With every new adventure, new knitting, new relationships, new jobs, there comes a point where a patina begins to develops. At the very start its all bright and shiny but that wears a little with time. There's nothing wrong with that exactly. It doesn't mean there's anything the matter with that drop stitch cowl you've been belaboring, or that you should run out on some kind of errant love affair, or that you should quit your new job and go into hiding in the back of a cube van and knit socks for a living - it just denotes the natural progression of time.
It actually is a realization of imperfection. Everything is absolutely perfect until the moment it isn't. As humans we tend to be a little overambitious in our expectations of just about everything, never cutting ourselves any slack for fear others will notice that we are living imperfect lives too. The fact that I'm now a little worried you all think I'm ungrateful and depressed for using the words imperfect and life in the same sentence is a testament to the negative connotations we give to the admission of imperfection (come on, this cannot just be me). Imperfect isn't bad though. Perfection, as in Stepford wife / Leave it to Beaver lifestyles would be immensely, and wholly boring. Challenge is the fuel to life's fire, we just all bitch about it anyway because, well, if we didn't we would quickly run out of things to talk about.
While I'm still very in love with Mr. Frogged I may not spend the same two hours getting ready for a date and giggling that I did when I was 18. After living with someone and having them see you lying on the couch for a week solid with a cold, frankly two hours seems excessive. This is probably a good thing since it leaves more time for the actual date and, as a bonus, results in more intelligible speech than that of a twitterpated teenage girl.
And though I'm still plugging away on those loose ends for my ripple blanket, I'm still excited to finish it. I think that project may have slipped below patina and into a slightly tarnished state of being, to be honest. I mean really, the amount of ends to weave is both obscene and masochistic. It doesn't help that I am seeking perfection and am a little paranoid about random ends wiggling loose so I split my yarn before weaving it, resulting in double the work.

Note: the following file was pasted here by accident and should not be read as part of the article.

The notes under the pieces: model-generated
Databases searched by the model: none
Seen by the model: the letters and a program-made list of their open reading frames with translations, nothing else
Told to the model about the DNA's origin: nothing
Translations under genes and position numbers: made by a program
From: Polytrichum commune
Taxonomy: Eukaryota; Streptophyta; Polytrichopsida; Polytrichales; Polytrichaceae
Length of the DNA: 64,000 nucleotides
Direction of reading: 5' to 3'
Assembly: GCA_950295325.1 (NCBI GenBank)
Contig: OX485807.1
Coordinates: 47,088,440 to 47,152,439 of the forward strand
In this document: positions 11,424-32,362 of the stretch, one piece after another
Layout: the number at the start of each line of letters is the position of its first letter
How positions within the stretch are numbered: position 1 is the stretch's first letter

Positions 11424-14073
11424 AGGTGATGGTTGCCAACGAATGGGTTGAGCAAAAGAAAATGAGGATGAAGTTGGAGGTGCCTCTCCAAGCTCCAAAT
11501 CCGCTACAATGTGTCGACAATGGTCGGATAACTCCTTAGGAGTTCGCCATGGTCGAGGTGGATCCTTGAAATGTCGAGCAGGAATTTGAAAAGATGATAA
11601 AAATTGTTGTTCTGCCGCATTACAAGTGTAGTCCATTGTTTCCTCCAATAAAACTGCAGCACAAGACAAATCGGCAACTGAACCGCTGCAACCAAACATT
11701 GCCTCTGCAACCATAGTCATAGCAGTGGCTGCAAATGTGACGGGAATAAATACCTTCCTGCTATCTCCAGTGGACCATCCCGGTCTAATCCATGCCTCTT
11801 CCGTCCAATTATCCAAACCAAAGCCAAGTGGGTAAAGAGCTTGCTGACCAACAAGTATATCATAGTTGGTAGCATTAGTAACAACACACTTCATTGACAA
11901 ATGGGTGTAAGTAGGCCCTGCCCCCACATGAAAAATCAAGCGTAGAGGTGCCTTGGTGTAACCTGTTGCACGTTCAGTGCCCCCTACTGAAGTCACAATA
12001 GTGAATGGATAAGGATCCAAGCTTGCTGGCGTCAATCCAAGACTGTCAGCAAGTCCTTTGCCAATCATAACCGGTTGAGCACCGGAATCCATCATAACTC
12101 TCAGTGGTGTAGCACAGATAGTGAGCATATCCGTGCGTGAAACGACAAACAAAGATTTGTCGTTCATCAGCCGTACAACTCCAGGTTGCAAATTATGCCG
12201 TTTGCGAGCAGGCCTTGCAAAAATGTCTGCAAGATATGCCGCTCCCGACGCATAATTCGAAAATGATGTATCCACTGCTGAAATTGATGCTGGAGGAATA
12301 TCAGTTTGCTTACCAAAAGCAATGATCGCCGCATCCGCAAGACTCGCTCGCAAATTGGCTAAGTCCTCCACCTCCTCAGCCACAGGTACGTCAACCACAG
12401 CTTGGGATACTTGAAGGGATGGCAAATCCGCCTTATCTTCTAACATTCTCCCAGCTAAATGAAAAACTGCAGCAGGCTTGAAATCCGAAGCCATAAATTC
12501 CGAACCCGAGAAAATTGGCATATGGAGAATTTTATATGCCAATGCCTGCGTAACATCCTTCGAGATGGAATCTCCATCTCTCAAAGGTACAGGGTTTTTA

And lastly, while I'm still enjoying my new job most of the time, there are days where it occurs to me that no matter how fast I learn on the job, I'm still learning. This is arguably a good thing. Surely switching careers entirely at this point in my life in combination with my knitting will provide sufficient brain exercise to cure all worry of dementia and Alzheimer's in my golden years. But when I've been a fairly competent person for a good 4 years I now feel like I'm playing the intellectual equivalent to pin the tail on the donkey. I know I'll get it eventually but in the process I end up feeling a bit of an ass.
What I'm really getting at is when the going gets tough, and the tough go knitting we should all remember that perfection is elusive, perfection is often impossible and frankly, perfection is overrated! Embrace the challenge. The results will be better for it.